You obviously, when selling puts, have to make sure that you happy to receive the stock at this price and you have the cash to cover.
    In a heave falling Market the danger in the runaway put is worse than a California forest fire!!! So I agree.
    However again by setting up a leap BCS with selling at the same or better half the amount of puts, I feel is still well positioned. Again selling the appropriate short term half cherry call.
    I noticed in Phil’s play suggestions he always sells only half the amount of putters, in case he might have to double. Mostly in these plays I sell positions in lots of 4 or max 6x option leaps, so I can sell 2 or 3 cherry calls.
    In a flat market the cherry call goes worthless.
    In a rising market the short leap put and the long leap call are the main parts which work for you, at the same time the short cherry and the short leap call run against you. So here it is important to have your proportions right.
    In a down going market, the leap short caller and the cherry caller will run with you, on the other hand you will lose on the long call as well on the put, they will run against you. So here again balance is the secret to have right at a given time.
    I hope this discussion will be a good lesson especially for new comers, still wetting their tows.
    You can take only higher type of risk, if you do have a good cash build up behind the relevant position.
    Winston
    August 29th, 2018 at 4:25 am | Permalink | Tweet thisIgnore this user    

    Yodi – very valid points.
    yodi
    August 29th, 2018 at 4:34 am | Permalink | Tweet thisIgnore this user    

    PS my new trade will be in the direction of
    Jun20 BCS 25x 180/240 sell 5x Jun 20 185 puts I still hold some 7 off so it is a total of 12 puts, committing 12x 185= 222K!!!! Sell Jan 19 225 call @ 9.65. x 10. So you see less than half, which you can roll and important is over the Jun 20 180 call. The cost after Phil's discussion will be in the range of 10K and we have a spread of 60 x 100 600K with a cash outlay of 10K after closing my present positions.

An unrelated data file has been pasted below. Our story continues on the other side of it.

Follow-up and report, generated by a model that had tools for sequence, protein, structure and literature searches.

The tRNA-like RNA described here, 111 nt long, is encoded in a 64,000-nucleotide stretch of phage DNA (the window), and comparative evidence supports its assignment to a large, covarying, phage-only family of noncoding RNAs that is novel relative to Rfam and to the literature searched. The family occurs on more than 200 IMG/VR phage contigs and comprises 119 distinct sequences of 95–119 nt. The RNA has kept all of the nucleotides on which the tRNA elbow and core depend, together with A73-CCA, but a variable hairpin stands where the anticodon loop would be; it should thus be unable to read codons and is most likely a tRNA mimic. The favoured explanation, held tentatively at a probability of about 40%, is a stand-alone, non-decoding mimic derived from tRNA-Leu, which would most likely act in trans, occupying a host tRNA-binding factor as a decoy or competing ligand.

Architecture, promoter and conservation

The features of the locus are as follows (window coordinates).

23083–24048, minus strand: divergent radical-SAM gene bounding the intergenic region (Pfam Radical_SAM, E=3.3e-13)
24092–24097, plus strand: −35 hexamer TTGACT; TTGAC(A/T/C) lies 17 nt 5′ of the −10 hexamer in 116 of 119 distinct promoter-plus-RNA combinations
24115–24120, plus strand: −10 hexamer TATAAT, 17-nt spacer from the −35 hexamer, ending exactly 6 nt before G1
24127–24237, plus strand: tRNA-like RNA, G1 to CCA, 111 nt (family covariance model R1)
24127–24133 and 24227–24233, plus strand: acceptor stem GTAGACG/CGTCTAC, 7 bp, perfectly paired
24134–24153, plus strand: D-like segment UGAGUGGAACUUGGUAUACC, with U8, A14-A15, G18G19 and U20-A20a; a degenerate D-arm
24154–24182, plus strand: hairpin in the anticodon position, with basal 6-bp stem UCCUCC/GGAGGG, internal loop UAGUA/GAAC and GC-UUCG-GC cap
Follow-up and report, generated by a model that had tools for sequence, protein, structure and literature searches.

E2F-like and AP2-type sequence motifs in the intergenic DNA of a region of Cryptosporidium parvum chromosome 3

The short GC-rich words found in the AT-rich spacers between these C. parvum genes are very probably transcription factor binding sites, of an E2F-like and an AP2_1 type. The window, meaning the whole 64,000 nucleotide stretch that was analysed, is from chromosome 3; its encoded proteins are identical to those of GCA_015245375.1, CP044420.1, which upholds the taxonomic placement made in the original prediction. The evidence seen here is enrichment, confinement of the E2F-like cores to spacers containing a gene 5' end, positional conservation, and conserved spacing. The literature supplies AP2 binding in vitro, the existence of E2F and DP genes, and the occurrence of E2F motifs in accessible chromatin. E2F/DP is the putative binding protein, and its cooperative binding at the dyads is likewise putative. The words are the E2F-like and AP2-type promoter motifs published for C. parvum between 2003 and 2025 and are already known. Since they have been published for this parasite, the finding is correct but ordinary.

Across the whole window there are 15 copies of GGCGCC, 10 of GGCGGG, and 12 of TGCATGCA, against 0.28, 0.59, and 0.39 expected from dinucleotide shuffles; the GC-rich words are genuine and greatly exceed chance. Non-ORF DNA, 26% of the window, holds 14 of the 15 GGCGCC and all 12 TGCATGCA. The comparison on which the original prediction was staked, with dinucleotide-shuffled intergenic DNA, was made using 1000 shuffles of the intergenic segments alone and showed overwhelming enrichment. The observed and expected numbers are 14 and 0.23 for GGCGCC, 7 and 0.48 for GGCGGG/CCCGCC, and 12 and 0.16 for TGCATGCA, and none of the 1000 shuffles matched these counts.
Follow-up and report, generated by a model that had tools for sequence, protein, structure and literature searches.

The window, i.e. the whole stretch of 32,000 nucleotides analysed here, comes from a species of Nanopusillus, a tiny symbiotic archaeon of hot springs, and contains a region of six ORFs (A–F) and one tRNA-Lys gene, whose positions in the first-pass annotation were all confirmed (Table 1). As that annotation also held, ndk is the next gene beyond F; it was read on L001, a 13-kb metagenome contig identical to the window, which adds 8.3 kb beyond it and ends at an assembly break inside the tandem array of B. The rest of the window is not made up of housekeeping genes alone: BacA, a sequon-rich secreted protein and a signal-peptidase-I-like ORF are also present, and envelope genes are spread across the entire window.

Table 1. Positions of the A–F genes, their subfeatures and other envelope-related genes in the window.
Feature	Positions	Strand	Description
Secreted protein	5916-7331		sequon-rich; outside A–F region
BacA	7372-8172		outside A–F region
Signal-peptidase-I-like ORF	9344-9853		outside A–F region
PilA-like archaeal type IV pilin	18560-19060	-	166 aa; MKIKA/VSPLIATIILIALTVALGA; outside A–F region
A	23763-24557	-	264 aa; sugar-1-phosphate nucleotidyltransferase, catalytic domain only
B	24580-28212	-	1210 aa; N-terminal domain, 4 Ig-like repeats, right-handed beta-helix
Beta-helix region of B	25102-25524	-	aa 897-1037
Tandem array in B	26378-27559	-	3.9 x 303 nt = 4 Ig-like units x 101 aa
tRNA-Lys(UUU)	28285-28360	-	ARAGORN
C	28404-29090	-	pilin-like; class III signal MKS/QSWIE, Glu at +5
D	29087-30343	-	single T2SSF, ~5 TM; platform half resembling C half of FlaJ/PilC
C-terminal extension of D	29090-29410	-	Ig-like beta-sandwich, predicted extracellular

So if AAPL will reach 240 plus by Jun20 I would be looking for some 540K not taking in to consideration any rolls which might have to be done on the Jan 19 225 caller.

    Any questions or further comments welcome.

    yodi
    August 29th, 2018 at 7:23 am | Permalink | Tweet thisIgnore this user    

    Winston I guess we all have its horror stories of puts. They always nice on a up market, but hell can break lose on a down market. One thing I seldom do is doubling up on puts. I rather roll the same amount in a better position and or pay the piper. I know than I can swim that far but no further. That said might be the wrong approach, but I feel more secure. The doubling up might be looking good on paper, but I trust most of us have learn the other way. ABX yes I still do hold put in moderation. CLF I did cut my losses, LB and TEVA I never touched. Always told everyone that bra will never hold water. Possible one day it will float.
    Mostly I look at the overall picture of my ports. 66% win 34% lose. So that can take care of the suckers. Obviously you always have to trade in accordance to the cash in your portfolio.
    If you have a 25K port you should hold 12K in cash to play it safe. Mainly trade with smaller stocks.
    I feel for me the armchair trade is still the more comfortable.
    yodi